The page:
On May 31, 2012, the B.C. Legislature passed Bill 14, which
amended the Workers Compensation Act to change
workers' compensation coverage for mental disorders caused by
work. The changes took effect on July 1, 2012 and apply to all
decisions made by the compensation board and Workers'
Compensation Appeals Tribunal as of that date.
The changes include workers' compensation coverage for
"mental disorders." Prior to the changes, workers were
only entitled to compensation if they suffered "mental
stress" that was an acute reaction to a sudden and unexpected
traumatic event that arose out of and in the course of employment.
The amended legislation allows coverage for a "mental
disorder" that is a reaction to one or more traumatic events
that arose out of and in the course of the worker's employment,
or a "mental disorder" that "is predominantly caused
by a significant workrelated stressor, or a cumulative series of
significant work-related stressors, arising out of and in the
course of the worker's employment."
Explanatory documents released by WorkSafeBC provide further
explanation of the changes and point out that the most significant
changes are that the "sudden and unexpected" criteria was
removed from the legislation, and coverage extends to mental health
injuries resulting as a reaction to one or more traumatic events or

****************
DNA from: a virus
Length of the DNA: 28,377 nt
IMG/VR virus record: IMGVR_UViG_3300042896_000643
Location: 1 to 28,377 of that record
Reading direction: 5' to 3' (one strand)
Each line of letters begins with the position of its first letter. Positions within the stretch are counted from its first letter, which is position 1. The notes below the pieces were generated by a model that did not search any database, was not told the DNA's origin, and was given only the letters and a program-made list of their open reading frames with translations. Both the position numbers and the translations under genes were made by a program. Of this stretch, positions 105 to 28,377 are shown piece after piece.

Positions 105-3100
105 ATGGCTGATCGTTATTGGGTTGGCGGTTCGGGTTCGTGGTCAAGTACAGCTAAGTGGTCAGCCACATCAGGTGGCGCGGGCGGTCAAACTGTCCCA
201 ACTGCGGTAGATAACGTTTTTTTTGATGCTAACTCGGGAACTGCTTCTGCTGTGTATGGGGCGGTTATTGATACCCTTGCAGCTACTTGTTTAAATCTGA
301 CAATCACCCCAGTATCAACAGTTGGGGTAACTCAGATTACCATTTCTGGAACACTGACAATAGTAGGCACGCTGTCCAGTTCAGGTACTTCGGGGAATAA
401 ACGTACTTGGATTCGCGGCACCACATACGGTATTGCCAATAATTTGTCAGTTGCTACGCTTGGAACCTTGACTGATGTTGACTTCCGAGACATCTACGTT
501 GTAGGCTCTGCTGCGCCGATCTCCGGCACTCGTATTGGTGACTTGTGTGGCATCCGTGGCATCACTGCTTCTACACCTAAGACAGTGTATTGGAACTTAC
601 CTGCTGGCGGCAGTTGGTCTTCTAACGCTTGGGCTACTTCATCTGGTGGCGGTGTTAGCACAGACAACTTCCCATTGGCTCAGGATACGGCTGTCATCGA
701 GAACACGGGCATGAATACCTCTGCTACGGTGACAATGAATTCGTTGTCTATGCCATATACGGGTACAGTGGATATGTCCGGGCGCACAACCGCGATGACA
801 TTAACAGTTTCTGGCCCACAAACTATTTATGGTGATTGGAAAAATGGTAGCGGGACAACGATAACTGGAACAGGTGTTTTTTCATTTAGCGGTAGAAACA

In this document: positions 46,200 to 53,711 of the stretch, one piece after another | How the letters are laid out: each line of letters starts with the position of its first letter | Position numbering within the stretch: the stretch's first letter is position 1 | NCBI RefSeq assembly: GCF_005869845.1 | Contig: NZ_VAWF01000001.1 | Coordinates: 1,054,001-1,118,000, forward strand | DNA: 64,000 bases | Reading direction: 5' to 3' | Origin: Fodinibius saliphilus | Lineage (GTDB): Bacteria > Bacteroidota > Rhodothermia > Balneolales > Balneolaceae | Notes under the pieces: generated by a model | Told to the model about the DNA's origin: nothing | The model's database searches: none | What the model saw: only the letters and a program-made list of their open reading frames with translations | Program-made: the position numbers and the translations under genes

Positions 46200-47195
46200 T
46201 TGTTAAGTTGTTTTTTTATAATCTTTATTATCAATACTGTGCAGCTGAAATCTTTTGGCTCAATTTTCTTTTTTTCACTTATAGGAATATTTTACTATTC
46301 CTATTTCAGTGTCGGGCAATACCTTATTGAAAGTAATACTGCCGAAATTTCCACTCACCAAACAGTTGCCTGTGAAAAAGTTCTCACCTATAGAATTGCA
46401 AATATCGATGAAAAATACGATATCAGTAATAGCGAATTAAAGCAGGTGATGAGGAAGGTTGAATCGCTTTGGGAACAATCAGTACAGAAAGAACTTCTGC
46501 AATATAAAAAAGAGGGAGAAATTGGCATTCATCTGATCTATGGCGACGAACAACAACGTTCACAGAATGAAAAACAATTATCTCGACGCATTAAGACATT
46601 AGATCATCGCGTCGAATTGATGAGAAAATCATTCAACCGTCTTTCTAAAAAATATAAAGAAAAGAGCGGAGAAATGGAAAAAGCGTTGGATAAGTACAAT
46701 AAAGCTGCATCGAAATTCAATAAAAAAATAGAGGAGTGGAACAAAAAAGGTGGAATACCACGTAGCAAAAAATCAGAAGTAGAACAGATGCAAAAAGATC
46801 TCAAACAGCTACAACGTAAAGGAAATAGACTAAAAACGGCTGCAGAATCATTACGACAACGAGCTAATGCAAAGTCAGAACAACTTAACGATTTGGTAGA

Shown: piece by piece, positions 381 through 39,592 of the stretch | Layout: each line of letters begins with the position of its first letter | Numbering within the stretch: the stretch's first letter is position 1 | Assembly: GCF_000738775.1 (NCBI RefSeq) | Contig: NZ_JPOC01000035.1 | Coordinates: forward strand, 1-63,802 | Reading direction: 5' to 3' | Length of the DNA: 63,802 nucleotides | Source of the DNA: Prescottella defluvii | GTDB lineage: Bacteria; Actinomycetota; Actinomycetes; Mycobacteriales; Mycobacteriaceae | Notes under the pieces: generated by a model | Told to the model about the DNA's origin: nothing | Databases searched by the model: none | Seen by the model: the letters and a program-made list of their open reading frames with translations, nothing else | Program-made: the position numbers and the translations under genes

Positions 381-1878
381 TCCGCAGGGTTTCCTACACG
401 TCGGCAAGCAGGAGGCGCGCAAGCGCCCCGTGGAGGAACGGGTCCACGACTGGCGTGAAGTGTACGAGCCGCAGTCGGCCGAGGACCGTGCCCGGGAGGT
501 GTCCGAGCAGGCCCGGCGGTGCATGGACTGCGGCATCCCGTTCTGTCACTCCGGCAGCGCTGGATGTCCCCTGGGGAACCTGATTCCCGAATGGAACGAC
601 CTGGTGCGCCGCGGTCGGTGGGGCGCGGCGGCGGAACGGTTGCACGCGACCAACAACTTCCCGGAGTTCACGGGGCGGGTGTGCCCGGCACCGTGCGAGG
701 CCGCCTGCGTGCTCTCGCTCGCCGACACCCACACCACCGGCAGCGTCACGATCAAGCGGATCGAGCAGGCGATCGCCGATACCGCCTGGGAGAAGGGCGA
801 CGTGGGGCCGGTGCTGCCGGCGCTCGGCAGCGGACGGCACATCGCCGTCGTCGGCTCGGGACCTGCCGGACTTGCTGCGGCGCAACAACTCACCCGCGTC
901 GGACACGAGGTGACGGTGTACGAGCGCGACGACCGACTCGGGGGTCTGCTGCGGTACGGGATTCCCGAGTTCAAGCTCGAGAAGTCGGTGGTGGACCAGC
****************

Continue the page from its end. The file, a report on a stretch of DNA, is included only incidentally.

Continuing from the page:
significant work-related stressors. Such stressors include bullying
or harassment. WorkSafeBC now requires the worker's mental
disorder be diagnosed by a psychologist or psychiatrist. Prior to
the changes, a worker's physician could provide a
WorkSafeBC has confirmed that the legislative changes retain an
exclusion from coverage for disorders caused by an employer's
decisions relating to a worker's employment (i.e., discipline,
termination, changing the work to be performed or changing the
working conditions). An FAQ document produced by WorkSafeBC states
that "mental disorders caused by decisions relating to
workload and deadlines, work evaluation, performance management,
transfers, lay-offs, demotions and reorganizations are also
excluded from compensation coverage."
WorkSafeBC requires employers to report an incident or mental
disorder within three business days of the injury's occurrence
or within three business days of the employer being aware of
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